If you have diabetes, experts say you should watch your blood pressure numbers in addition to your blood sugar numbers.
Cleveland Clinic is a non-profit academic medical center. Advertising on our site helps support our mission. We do not endorse non-Cleveland Clinic products or services. Policy
This is because having diabetes puts you at a higher risk of high blood pressure and the possible problems it can cause throughout your body. These include heart attack, stroke, kidney disease and even retinal issues.
“People with diabetes tend to have a higher average blood pressure than people without diabetes,” says cardiologist Michael Rocco, MD. “So, not only are both of those conditions related to adverse cardiovascular events, but they often occur in tandem in people with diabetes.”
New treatment guidelines
Now, a recent study published in the Journal of the American Medical Association (JAMA) recommends a new threshold of when your physician should start treating your high blood pressure if you have diabetes. It also suggests a target level for you to meet and maintain.
According to the article, if you have diabetes and high blood pressure, the recommended standard guidelines for starting drug therapy begin with a blood pressure reading of above 140 systolic and above 90 diastolic.
“How low to treat is a little more controversial,” Dr. Rocco says. “However, a treatment to get below 140 over 90 is a reasonable goal for most individuals.”
If you’re diabetic and have high blood pressure, you want to reduce your risk of suffering a large vessel, cardiovascular event or a smaller, microvascular event such as a retinal problem, kidney disease and neuropathy or a dysfunction of peripheral nerves that can cause numbness or weakness.
The benefits of lowering blood pressure
One interesting aspect of the new study, Dr. Rocco points out, is that it looked at individuals with baseline blood pressures above and below 140 systolic.
“They found that generally treating blood pressures above 140 to get them under 140 resulted in greater reduction of most of these cardiovascular and microvascular risks,” he says. “The patients achieved somewhere between an 11 to 13 percent reduction for every 10 millimeter reduction in their blood pressure.”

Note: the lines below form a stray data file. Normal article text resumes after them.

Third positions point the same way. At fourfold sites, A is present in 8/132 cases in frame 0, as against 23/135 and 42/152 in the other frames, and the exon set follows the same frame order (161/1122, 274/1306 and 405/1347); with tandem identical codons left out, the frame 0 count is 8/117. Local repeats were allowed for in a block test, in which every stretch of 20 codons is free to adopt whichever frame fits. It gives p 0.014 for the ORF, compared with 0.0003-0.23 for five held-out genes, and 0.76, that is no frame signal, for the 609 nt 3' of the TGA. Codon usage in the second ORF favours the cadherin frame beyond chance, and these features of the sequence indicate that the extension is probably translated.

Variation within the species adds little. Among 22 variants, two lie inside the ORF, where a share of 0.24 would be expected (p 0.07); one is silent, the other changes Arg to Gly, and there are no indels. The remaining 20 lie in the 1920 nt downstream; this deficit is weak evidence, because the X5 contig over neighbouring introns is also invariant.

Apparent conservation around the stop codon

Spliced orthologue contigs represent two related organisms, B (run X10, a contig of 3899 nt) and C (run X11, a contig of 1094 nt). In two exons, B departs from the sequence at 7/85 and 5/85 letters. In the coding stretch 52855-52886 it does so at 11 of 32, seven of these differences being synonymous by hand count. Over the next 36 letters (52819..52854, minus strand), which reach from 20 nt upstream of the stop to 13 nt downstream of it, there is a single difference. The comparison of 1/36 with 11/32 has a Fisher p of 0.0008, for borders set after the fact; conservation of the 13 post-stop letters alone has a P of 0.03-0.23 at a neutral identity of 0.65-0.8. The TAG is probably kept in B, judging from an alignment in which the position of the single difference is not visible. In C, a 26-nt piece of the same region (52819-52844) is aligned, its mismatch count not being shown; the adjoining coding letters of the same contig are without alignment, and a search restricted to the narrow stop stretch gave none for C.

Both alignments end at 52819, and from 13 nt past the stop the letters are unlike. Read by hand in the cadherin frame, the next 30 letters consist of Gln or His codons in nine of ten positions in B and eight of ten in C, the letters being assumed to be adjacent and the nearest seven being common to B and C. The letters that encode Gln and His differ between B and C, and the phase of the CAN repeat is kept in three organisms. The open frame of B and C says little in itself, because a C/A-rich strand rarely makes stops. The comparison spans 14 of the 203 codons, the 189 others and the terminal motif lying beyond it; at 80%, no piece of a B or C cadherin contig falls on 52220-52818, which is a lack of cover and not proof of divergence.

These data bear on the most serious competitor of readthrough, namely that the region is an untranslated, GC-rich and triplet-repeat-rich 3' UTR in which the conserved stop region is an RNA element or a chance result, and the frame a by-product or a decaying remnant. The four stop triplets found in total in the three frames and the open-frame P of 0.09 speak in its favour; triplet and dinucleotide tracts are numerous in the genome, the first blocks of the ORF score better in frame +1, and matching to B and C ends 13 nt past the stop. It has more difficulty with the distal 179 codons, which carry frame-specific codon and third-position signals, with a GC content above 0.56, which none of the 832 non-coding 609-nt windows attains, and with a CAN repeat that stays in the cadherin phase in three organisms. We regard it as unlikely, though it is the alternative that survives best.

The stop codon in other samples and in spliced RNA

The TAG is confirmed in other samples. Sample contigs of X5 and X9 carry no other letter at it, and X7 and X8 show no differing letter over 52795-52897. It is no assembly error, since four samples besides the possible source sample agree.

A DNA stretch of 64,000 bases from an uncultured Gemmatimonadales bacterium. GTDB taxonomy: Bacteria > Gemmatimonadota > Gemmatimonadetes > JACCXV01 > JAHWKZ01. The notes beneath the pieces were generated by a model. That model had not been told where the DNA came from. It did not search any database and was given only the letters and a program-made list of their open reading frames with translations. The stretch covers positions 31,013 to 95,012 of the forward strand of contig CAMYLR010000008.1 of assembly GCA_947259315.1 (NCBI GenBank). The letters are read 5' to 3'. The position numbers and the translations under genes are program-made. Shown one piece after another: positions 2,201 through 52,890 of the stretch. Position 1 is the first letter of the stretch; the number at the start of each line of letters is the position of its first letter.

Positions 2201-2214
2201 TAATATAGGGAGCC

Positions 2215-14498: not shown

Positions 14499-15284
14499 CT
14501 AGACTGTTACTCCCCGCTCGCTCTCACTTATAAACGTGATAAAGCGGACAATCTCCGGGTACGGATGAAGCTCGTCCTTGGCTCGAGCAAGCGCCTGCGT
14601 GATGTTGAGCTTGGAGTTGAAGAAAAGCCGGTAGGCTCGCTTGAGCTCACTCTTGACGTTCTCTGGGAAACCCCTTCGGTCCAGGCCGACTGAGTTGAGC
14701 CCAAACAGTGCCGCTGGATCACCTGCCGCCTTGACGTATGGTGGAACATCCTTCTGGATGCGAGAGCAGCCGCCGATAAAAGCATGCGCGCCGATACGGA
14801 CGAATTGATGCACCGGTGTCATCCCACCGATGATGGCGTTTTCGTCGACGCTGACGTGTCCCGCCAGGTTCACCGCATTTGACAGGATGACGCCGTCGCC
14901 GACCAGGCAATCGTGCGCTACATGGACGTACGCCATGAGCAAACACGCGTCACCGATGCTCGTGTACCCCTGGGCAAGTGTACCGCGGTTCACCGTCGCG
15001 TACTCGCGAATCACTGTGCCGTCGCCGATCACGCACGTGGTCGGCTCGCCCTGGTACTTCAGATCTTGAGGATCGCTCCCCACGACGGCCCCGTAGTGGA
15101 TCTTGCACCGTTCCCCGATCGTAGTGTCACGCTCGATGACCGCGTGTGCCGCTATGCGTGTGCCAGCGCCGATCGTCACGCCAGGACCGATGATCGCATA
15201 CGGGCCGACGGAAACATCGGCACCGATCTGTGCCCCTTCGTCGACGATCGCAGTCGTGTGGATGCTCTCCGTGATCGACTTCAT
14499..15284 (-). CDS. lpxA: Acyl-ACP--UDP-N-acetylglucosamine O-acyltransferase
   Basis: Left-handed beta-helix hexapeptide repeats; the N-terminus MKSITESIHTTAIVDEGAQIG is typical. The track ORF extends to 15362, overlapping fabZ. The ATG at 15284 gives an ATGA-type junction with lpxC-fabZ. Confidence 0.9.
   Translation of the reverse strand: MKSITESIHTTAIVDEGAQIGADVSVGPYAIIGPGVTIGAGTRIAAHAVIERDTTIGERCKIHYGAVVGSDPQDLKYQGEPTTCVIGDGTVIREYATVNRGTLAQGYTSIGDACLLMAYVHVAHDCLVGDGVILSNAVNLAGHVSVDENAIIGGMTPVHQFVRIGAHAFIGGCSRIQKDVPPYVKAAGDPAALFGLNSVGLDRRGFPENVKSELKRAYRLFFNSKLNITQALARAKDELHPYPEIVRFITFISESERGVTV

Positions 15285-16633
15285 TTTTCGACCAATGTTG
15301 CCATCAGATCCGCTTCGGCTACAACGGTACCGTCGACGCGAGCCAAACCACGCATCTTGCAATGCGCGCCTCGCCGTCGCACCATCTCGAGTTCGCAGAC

Dr. Rocco adds that while all of the groups benefited by lowering their blood pressure, the group that got below 130 didn’t see the same additional significant benefit in reduction for overall mortality and coronary heart disease. But they did benefit from reduction of stroke, retinopathy and reduction of protein in their urine.
“Therefore the goals for therapy and starting point for initiating therapy may be influenced by the outcomes you are trying to prevent,” he says.
A customized plan of action is best
The exact cutoff point for how far to treat the reduction of your blood pressure may vary from person to person, Dr. Rocco says. So you always need to consult with your physician to set your goals.
“The newer data suggests that the target blood pressure needs to be individualized to the patient, based on their individual risks and the risk of the medications prescribed by their physician,” Dr. Rocco says.
Your doctor may consider a lower treatment goal, for example, if you had a previous stroke, family history of stroke or protein in your urine. A recent statement issued by the American College of Cardiology (ACC) and American Heart Association (AHA) recommends considering a target of 130/80 in people with prior heart attack, stroke, TIA, aortic aneurysm or peripheral arterial disease.
The choices of anti-hypertensive medications will depend on other clinical issues that the person may have. For example, someone who has had heart failure or coronary disease would be advised to use a different regimen including beta-blockers and ACE inhibitors or angiotensin-receptor blockers.
“The specific choices of the drugs may vary, depending on other issues such as diabetes, heart failure, angina chest pain or ethnicity,” Dr. Rocco says. “But ultimately, lowering blood pressure by any means is beneficial.”
Lifestyle plays a part, too
Lifestyle issues are especially important for diabetics, so make sure you control your weight, exercise regularly, restrict salt, quit smoking and maintain a nutritious diet. By doing so, you may be able to reduce your medications.